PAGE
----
Category 5 Hurricane Maria Causes 'Mind Boggling' Damage to Dominica, on Path to Puerto Rico
Hurricane Maria made landfall as a Category 5 storm in Dominica on Monday night and left "mind boggling" damage to the island nation, according to the country's prime minister.
While no deaths or injuries were immediately reported, Prime Minister Roosevelt Skerritt wrote in a Facebook post that the hurricane caused "widespread devastation" and residents "have lost all what money can buy and replace."
Winds up to 160 miles per hour ripped the roofs off of buildings, including Skerritt's own home.
He noted, "I am honestly not preoccupied with physical damage at this time, because it is devastating ... indeed, mind boggling. My focus now is in rescuing the trapped and securing medical assistance for the injured."
"We will need help, my friend, we will need help of all kinds."
Maria started as a tropical storm over a day ago but wind speeds rapidly ramped up another 90 miles per hour within 27 hours, National Weather Service said.
BBC meteorologist Steve Cleaton explained that Maria gathered strength due to the area's elevated sea surface temperatures, which are "anomalously high by a margin of around one to two degrees," as well as other favorable atmospheric conditions such as low wind shear.
The "potentially catastrophic" storm now heads northwest towards the Virgin Islands and Puerto Rico, National Hurricane Center (NHC) senior hurricane specialist Mike Brennan warned in a video update Tuesday morning.
Brennan said he was "very concerned" of the potentially Category 4 or 5 winds moving through the area, as well as storm surges and extreme rainfall.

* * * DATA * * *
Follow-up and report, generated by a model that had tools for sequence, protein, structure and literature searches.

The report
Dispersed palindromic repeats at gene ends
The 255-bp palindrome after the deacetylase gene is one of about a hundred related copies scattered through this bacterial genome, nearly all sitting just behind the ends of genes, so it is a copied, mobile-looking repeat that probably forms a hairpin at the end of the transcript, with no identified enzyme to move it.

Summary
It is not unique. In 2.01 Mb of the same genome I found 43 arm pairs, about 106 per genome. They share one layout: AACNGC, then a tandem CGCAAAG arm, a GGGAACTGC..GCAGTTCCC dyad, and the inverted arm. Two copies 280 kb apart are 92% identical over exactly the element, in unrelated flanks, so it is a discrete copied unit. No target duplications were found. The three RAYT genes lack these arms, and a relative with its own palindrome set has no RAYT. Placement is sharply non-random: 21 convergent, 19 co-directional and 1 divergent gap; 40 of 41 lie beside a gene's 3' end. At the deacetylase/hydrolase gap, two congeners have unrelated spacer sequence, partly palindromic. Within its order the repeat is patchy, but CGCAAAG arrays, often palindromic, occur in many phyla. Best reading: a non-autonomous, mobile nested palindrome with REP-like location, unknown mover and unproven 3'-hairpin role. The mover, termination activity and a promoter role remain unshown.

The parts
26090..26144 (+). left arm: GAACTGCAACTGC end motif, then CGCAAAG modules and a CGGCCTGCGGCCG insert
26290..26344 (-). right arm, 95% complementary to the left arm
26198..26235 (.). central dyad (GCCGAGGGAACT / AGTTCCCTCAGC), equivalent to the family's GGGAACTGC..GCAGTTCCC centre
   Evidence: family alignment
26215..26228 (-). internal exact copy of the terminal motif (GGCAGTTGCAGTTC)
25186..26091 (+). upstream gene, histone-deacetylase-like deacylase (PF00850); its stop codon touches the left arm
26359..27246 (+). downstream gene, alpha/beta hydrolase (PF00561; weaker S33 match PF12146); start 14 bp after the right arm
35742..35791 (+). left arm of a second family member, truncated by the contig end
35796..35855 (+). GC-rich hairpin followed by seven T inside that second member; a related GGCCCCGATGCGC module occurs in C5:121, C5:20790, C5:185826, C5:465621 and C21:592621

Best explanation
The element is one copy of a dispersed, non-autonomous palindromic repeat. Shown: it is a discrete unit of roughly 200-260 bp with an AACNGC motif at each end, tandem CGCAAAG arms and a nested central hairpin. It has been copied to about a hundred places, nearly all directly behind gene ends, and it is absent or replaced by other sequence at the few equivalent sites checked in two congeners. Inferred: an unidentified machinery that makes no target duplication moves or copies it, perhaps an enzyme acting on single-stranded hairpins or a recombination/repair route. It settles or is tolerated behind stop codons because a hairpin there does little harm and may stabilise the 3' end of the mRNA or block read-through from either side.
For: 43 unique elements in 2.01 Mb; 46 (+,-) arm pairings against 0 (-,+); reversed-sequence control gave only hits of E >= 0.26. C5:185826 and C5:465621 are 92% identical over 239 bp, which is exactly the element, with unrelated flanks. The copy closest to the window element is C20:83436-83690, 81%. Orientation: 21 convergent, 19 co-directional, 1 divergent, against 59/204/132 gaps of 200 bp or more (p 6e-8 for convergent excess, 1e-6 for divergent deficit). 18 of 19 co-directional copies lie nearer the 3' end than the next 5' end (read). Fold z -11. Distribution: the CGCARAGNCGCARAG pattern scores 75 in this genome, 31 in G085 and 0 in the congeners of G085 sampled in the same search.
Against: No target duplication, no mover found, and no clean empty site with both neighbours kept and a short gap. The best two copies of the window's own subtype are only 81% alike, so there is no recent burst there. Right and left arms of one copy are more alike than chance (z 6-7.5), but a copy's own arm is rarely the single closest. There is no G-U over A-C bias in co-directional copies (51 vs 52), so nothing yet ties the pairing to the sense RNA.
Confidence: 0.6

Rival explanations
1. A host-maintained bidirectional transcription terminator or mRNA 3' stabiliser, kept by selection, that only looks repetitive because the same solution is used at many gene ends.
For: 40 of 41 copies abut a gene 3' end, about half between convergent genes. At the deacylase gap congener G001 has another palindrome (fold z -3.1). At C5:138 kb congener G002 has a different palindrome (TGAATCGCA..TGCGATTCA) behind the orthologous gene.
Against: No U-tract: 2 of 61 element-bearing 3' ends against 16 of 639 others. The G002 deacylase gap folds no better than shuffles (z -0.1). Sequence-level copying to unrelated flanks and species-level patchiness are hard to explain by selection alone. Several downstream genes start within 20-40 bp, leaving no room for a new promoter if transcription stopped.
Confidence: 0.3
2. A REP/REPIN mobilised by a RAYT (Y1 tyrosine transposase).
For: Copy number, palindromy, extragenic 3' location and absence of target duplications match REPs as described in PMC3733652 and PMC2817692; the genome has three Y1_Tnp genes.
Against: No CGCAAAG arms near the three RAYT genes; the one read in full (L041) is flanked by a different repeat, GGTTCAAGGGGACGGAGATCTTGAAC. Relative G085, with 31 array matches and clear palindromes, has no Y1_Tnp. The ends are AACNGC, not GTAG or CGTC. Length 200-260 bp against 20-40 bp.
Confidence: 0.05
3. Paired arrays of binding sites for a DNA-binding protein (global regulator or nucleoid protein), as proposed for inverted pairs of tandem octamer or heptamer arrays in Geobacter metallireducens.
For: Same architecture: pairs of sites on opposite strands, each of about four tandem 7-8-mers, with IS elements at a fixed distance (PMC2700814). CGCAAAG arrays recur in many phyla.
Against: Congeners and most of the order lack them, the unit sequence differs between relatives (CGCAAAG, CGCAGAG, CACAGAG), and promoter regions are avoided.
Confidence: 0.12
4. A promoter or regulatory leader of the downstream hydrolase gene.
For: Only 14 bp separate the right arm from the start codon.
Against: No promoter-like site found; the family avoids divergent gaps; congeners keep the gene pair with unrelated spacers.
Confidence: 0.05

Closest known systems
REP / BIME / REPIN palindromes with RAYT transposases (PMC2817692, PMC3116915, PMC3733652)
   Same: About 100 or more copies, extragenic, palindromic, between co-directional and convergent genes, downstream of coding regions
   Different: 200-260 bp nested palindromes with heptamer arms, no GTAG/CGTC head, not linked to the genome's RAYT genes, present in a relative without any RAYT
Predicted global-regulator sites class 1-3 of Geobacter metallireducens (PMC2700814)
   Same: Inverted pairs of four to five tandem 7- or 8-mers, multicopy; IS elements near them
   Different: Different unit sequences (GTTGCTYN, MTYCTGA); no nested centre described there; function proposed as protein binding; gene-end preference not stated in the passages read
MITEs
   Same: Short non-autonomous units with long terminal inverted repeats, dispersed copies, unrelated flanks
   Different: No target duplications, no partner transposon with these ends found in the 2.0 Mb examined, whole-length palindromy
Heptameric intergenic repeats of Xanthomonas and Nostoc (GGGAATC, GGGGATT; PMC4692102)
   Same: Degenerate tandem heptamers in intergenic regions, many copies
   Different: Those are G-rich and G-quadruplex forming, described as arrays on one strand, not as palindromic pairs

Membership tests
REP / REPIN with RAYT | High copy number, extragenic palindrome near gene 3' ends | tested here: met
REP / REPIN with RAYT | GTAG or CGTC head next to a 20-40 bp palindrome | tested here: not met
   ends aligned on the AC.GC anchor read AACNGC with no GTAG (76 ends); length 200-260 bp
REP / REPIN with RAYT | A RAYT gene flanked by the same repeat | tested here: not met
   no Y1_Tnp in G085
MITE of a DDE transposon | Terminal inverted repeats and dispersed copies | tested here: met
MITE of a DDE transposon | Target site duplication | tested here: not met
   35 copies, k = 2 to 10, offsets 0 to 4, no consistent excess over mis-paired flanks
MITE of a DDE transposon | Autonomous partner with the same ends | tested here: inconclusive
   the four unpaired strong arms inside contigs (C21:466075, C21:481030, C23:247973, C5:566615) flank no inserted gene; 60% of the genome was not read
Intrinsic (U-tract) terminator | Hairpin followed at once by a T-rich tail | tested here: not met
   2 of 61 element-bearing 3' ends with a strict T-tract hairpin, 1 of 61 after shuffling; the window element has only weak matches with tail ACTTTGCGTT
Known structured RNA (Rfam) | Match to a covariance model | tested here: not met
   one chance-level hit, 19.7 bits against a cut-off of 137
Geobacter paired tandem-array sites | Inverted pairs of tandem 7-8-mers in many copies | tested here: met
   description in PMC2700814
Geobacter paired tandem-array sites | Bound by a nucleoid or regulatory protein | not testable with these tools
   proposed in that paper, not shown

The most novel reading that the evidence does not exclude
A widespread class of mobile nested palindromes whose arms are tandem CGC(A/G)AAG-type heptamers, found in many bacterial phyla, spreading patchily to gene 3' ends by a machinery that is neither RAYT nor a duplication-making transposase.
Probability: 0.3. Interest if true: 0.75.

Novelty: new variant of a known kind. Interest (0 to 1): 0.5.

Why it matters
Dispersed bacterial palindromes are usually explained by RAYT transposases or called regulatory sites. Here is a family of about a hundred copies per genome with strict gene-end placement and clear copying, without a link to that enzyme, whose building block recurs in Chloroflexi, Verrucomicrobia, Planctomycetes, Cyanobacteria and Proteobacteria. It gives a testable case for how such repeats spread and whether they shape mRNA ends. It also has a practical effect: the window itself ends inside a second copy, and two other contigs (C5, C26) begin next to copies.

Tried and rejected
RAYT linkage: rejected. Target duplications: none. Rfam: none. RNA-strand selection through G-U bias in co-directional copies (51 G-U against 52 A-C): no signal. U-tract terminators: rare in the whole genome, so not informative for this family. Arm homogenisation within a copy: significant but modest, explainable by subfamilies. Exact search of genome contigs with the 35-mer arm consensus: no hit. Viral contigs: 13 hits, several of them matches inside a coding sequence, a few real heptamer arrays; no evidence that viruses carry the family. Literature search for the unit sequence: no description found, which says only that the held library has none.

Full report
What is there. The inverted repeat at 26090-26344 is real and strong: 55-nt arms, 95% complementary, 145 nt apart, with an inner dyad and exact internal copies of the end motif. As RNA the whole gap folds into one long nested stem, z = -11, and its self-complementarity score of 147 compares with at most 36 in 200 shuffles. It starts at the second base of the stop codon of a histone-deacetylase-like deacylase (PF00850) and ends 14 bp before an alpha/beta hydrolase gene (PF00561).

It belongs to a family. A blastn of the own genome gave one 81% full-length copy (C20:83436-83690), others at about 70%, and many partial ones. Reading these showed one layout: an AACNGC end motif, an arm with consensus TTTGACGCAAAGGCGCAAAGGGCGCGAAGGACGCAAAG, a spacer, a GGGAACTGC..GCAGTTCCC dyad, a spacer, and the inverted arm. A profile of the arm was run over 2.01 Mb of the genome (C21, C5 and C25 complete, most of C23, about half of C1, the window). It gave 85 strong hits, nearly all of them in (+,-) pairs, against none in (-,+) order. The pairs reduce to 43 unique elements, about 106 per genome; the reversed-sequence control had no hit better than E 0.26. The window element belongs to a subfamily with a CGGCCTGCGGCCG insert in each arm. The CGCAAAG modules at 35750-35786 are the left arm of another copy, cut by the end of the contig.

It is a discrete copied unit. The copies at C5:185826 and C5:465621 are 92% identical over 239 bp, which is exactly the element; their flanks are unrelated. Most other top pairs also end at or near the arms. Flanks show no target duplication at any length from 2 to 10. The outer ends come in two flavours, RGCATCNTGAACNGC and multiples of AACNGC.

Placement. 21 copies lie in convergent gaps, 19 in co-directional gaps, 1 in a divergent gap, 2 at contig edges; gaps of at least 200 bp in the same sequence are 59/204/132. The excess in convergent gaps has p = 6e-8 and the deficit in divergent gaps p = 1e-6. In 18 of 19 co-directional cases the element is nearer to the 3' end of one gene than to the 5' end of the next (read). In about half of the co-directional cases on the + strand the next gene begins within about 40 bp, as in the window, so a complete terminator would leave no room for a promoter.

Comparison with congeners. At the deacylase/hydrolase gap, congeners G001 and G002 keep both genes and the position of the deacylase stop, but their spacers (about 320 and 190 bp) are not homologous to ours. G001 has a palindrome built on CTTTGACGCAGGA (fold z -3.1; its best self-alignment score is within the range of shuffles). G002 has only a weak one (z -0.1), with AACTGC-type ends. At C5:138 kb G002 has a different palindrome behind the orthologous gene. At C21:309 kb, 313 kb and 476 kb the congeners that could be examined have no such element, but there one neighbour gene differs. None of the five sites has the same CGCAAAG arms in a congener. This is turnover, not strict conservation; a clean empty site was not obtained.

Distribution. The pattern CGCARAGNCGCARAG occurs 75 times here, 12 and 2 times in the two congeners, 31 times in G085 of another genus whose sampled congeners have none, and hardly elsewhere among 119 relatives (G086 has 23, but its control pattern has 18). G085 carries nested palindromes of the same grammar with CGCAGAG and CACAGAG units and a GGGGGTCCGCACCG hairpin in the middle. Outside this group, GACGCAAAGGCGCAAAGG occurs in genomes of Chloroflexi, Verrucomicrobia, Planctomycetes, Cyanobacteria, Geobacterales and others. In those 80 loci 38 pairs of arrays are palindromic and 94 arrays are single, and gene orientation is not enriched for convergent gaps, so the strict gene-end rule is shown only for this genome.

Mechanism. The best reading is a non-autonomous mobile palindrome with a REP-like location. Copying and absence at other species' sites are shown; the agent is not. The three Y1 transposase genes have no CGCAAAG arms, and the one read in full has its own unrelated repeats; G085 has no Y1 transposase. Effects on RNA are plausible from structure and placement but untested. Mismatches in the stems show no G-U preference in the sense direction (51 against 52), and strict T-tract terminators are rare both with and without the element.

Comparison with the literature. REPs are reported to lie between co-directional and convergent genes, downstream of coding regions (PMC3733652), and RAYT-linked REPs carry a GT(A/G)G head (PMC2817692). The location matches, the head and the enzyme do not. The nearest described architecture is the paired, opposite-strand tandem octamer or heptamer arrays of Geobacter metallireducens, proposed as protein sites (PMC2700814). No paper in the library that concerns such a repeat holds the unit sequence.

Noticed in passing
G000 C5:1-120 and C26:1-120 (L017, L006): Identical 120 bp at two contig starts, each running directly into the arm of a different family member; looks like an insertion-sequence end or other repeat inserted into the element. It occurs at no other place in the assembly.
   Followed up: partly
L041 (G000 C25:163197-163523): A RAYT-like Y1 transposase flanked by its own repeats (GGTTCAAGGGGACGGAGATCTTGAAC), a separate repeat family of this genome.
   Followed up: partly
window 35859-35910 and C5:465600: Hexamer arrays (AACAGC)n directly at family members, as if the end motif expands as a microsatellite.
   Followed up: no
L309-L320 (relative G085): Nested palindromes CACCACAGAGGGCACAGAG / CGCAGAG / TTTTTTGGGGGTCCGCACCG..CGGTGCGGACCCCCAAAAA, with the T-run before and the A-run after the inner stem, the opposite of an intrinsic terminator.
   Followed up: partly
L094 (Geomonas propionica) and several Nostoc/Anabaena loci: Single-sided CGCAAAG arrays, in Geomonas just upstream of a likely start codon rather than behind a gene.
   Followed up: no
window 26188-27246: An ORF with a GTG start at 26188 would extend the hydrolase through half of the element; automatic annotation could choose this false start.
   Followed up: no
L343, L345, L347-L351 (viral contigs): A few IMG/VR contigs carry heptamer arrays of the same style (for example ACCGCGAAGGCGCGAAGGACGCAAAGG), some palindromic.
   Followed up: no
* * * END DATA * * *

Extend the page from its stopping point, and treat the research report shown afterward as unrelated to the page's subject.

According to the NHC, a storm surge accompanied by large and destructive waves could raise water levels by as much as 7 to 11 feet above normal tide levels in portions of the Leeward Islands and the British Virgin Islands, and 6 to 9 feet in Puerto Rico and the U.S. Virgin Islands.
As for extreme rainfall, the central and southern Leeward Islands can expect 10 to 15 inches, and isolated areas of up to 20 inches. U.S. and British Virgin Islands can expect 10 to 15 inches, and isolated areas of up to 20 inches. Puerto Rico might see 12 to 18 inches, and isolated areas of up to 25 inches.
"Everybody in those islands should have their preparations rushed to completion very, very soon as conditions will begin to deteriorate today," Brennan urged.
Maria is the third major hurricane to tear through the already devastated Caribbean islands in recent weeks.
President Donald Trump has declared a federal emergency in the U.S. Virgin Islands and Puerto Rico, authorizing the Department of Homeland Security and the Federal Emergency Management Agency to coordinate all disaster relief efforts.